GTA 5 delay: PC Gamer reacts

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The PC release of Grand Theft Auto 5 has been delayed. First we were told that there definitely was no PC version at all, and then that there would be, but only after the PS4 and Xbox One versions released, and now that it still needs “testing and polish” before we can play it—on March 24th instead of this month. The PC Gamer editors gathered around to discuss their feelings: are delays for more polish always a good thing?

Samuel Roberts

At this point, an extra delay for polish isn’t too bad to me—it kind of adds up when the game hasn’t even been priced on Steam yet. It would’ve been nice to have something big arrive on PC in January, but given that this 4K-enabled 60fps port will significantly outstrip the PS4 version in performance, I think it’ll still be worth the wait. The screenshots released today are extraordinary. I can’t wait to explore a version of Los Santos that looks that good. The 360 version looks like Lego by comparison.

Best news out of all this to me is the generous system requirements, especially compared to some of the hefty demands of games like The Evil Within and Assassin’s Creed in the past few months. It makes sense that GTA V will scale well, given that it arrived on what is now nine year-old hardware back in 2013, but this makes me confident that we’re getting a really well-optimised port on PC.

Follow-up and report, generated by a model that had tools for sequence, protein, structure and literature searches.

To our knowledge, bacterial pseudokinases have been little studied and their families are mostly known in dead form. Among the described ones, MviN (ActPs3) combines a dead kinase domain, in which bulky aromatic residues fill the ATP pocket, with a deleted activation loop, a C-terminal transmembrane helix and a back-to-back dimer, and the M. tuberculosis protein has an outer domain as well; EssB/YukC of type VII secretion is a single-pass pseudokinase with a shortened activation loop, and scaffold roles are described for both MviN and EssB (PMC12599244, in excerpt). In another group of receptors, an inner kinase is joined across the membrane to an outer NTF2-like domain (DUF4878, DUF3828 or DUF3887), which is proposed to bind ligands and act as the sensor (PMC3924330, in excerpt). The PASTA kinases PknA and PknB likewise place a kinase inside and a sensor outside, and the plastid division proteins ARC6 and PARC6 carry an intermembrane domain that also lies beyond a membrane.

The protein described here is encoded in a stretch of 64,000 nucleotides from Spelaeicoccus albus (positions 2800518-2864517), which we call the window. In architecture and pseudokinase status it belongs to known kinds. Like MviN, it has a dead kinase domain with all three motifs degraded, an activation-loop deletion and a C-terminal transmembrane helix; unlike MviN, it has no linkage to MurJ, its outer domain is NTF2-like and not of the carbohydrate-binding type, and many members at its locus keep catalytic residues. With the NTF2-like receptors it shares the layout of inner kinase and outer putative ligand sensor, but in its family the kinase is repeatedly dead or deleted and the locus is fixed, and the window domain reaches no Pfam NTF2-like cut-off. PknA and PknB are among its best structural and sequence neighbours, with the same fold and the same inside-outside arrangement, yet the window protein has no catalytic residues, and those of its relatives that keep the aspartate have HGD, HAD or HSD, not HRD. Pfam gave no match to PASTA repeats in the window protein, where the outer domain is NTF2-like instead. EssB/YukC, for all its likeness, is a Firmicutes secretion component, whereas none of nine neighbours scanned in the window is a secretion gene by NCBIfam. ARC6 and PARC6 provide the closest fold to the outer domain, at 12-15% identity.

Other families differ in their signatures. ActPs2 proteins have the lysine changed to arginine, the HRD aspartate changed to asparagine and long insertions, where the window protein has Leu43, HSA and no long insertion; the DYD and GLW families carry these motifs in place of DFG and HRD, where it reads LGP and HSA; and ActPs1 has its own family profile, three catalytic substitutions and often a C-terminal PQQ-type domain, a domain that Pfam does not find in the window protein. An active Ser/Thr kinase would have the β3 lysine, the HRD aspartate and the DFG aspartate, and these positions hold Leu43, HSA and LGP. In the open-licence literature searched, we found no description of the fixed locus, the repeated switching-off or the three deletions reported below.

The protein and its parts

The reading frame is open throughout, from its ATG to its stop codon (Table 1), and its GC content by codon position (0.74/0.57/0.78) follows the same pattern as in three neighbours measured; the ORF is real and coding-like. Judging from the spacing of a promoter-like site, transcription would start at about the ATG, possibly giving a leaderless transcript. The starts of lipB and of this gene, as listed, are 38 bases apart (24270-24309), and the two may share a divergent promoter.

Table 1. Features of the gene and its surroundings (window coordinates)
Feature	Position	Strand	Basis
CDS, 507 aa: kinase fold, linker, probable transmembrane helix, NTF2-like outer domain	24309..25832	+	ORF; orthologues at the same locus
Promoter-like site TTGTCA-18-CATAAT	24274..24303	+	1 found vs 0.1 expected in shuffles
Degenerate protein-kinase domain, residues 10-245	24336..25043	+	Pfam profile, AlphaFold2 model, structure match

Tom Senior

I’d rather Rockstar took their time and GTA 5 comes out properly optimised for PC. Since GTA 4’s chuggy PC implementation Rockstar’s PC ports have been decent. Max Payne’s shiny bald head looked lovely in super-high res. That’s what Rockstar mean by “polish”. Those scalps gotta gleam.

I have a PS4, and could have caved in and bought GTA 5 months ago. I’d never do that of course because I work here, but even if I didn’t, I’d still hang on for the mod support, the video editor (which was great fun in GTA 4 and encouraged some hilarious user-made movies), and for the fact that all my friends will be playing GTA Online on PC. Ultimately I’m not too worried about how GTA 5 will run. I think it’ll be fine. I’m much more concerned about the resilience of Rockstar’s servers. Will they melt come launch week?

Phil Savage

I have over 120 games sat in a category of my Steam library called “To Play”. What I'm saying is that I'm in no rush for another game that's potentially hundreds of hours in length. My biggest problem with the delay is it means two more months before modders get their hands on the game, which means two more months before the community can crowbar it open and do something weird. I've played GTA 5—albeit not the bells and whistles current-gen version. Now I want to see it pushed to the limit.